A set of commemorative Peter Pan 50p coins has been made available on the Isle of Man, the first time The Boy Who Wouldn’t Grow Up has even appeared in monetary form.
The six coins are being released to coincide with the 90th anniversary of Peter Pan author, JM Barrie, gifting the rights to the story to Great Ormond Street Hospital, a gesture which continues to benefit the charity to this day.
“For every coin sold a donation will go directly to GOSH Charity to support the hospital’s most urgent needs,” said The Westminster Collection, “funding support services, pioneering research, equipment and refurbishment.”
Demand for the coins is high, and when we first logged on to the Westminster Collection website for more details, we were placed in a virtual queue of around 200 other users.
What do they look like?
The new Peter Pan 50p features an engraving of David Wyatt’s illustration from the Oxford University Press edition of Peter Pan, alongside a well-known quote from the book, “Second to the right and straight on till morning.”
The other five coins in the collection feature David Wyatt’s illustrations of other favourite characters – Captain Hook, Tick-Tock the Crocodile, Tinkerbell, Wendy and Nana – alongside other famous quotes.
How much could they be worth?
With coin collecting on the rise, commemorative coins such as these can go on to become worth much more than their face values, with enthusiasts willing to pay a premium to add them to their collection.
What that price is depends on how many coins were made in the first place, and the mintage figures of new commemorative coins are not usually known until well after the coin’s release.
In this case though, we know that 15,000 of each design will be struck, a total of 30,000 new coins.
While it’s not confirmed how many of the coins have been struck, new coins in British Isles territories are usually struck in smaller numbers, due to the much smaller populations there.
For example, 12,500 of each of the recent Cricket World Cup 50 pences were be struck, a total of 62,500 new coins.
Comparing that to the known mintage figures of the ‘mainland’ commemorative coins, we can see that this makes each of those coins massively scarcer than the infamous 2009 Kew Gardens coin, currently the rarest 50p in circulation with only 210,000 minted.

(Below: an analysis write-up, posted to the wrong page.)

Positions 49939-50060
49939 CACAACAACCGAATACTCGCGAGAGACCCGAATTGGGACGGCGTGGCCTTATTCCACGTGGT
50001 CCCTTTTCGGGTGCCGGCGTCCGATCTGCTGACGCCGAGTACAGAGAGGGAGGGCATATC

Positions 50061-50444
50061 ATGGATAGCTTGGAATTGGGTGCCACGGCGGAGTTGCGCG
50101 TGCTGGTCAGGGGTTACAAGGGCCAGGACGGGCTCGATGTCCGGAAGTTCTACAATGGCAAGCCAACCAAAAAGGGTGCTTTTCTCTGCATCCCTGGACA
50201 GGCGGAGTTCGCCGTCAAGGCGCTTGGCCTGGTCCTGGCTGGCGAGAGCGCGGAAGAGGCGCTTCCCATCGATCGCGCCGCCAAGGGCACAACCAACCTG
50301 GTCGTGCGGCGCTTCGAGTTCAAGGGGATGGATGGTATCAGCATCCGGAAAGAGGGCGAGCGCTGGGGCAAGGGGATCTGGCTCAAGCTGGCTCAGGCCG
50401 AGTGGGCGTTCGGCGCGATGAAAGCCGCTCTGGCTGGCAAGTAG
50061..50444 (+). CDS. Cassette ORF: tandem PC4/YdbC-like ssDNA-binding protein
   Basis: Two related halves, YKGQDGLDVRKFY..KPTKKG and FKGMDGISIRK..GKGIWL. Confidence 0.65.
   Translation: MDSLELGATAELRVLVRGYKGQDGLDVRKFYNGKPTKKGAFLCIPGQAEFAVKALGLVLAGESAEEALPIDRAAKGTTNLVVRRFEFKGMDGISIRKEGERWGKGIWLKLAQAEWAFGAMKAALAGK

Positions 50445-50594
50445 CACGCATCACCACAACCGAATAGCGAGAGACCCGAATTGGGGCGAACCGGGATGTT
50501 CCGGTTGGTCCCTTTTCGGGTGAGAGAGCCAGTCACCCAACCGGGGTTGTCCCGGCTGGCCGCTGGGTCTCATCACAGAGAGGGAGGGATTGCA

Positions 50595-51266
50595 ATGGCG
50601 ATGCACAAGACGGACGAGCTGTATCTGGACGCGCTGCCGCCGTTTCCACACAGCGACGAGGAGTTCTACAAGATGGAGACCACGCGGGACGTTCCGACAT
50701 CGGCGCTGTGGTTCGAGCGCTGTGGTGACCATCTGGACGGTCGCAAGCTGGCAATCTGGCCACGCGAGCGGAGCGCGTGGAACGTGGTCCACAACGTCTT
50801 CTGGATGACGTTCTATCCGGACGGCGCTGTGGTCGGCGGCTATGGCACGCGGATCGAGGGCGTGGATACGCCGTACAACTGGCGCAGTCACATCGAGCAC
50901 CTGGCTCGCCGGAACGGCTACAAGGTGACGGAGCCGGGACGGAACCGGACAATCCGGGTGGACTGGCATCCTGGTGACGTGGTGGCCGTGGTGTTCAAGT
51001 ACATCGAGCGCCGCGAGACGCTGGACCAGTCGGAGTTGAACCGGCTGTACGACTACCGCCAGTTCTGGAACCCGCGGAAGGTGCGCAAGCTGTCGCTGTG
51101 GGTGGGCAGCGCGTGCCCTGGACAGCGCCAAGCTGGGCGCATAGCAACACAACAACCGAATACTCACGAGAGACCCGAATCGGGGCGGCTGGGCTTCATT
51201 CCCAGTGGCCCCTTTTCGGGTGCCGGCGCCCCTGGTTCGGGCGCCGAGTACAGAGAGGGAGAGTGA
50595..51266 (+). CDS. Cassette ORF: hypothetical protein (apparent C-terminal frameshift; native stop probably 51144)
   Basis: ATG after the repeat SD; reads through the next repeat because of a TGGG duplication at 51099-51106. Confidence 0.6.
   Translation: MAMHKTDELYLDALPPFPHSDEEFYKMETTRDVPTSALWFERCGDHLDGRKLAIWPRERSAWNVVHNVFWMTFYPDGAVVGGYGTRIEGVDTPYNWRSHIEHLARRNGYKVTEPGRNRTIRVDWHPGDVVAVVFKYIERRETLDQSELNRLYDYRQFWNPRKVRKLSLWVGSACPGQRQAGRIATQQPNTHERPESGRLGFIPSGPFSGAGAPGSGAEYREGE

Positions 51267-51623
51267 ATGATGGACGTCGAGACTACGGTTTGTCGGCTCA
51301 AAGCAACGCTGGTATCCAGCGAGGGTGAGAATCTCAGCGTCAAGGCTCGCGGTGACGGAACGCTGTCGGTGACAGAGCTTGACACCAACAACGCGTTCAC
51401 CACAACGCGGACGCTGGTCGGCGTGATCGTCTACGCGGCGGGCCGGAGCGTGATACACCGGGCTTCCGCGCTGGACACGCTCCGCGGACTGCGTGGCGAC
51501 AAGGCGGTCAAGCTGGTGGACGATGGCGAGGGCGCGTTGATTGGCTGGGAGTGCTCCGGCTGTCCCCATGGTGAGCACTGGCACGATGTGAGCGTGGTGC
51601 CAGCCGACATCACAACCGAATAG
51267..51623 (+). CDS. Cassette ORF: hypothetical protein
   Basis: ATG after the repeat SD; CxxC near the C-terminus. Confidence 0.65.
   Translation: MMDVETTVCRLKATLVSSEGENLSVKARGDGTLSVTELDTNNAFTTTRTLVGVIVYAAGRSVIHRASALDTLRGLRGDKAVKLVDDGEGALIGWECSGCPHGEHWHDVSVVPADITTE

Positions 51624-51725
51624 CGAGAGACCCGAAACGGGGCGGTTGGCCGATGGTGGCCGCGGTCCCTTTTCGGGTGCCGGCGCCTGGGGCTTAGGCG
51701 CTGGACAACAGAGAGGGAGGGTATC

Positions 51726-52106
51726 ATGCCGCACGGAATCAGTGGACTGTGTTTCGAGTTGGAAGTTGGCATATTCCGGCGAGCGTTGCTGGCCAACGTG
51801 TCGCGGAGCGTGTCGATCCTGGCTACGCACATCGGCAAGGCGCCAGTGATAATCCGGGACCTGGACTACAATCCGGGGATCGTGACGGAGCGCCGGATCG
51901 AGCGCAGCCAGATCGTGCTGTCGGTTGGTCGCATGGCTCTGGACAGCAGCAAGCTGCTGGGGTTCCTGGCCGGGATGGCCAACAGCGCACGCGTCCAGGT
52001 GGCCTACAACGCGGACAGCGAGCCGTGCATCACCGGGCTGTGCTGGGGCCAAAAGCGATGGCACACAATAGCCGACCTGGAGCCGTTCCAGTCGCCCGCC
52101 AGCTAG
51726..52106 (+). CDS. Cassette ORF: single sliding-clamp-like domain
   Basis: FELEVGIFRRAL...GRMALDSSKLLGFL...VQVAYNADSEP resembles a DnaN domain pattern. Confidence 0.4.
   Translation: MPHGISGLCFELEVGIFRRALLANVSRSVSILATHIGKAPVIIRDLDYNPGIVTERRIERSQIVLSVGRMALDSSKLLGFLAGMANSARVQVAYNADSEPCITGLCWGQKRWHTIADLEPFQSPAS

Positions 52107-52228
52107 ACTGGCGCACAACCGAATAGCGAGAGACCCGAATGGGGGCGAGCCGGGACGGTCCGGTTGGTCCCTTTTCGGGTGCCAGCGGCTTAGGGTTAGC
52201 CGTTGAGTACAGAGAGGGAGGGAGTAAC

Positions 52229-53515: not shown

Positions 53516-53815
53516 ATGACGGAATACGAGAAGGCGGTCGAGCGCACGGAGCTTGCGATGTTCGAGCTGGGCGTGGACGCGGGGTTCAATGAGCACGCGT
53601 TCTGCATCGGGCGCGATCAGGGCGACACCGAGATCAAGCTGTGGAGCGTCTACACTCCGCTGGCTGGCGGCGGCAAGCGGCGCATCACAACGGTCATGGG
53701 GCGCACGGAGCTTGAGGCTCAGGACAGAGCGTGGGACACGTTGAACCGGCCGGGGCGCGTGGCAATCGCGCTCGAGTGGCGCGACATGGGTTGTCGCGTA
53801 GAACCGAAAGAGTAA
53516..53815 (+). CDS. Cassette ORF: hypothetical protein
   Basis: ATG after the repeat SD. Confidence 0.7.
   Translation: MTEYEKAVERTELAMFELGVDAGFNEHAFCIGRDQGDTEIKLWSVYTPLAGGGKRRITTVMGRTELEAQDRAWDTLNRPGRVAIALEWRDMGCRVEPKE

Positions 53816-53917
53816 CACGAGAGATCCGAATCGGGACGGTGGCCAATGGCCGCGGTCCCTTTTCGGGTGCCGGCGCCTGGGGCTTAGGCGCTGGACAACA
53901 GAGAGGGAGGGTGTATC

A rare silver Kew Gardens 50p coin sold for £400 at auction in 2018 – an impressive 800 times its face value, though the ‘standard’ coins are still high in demand; they can sell for up to £160 on eBay.
How do I get one?
Unless you live on the Isle of Man, it might be tricky to get your hands on one of the new coins if you’re hoping to have one turn up in your change.
Since they are technically not legal tender in other parts of the UK, it’s unlikely many will be floating about.
However, you can order a set of the coins from The Westminster Collection, which come housed in special packaging, ensuring they are protected for years to come.
The set of all six is available for £37.50 plus postage and packing, and a sell out is expected.
A Silver Proof version of the set was also available, with the coins having been struck in Sterling Silver, and featuring full-colour illustrations, though this appears to have sold out.
You can also get the Peter Pan coin struck onto 22 carat gold, and only 500 of these valuable coins will be made available.
Despite an asking price of £995 plus postage and packing, they’re expected to sell out very quickly.
For every single coin sold, 50p will be donated to Great Ormond Street Hospital Children’s Charity.
This story first appeared on our sister site, inews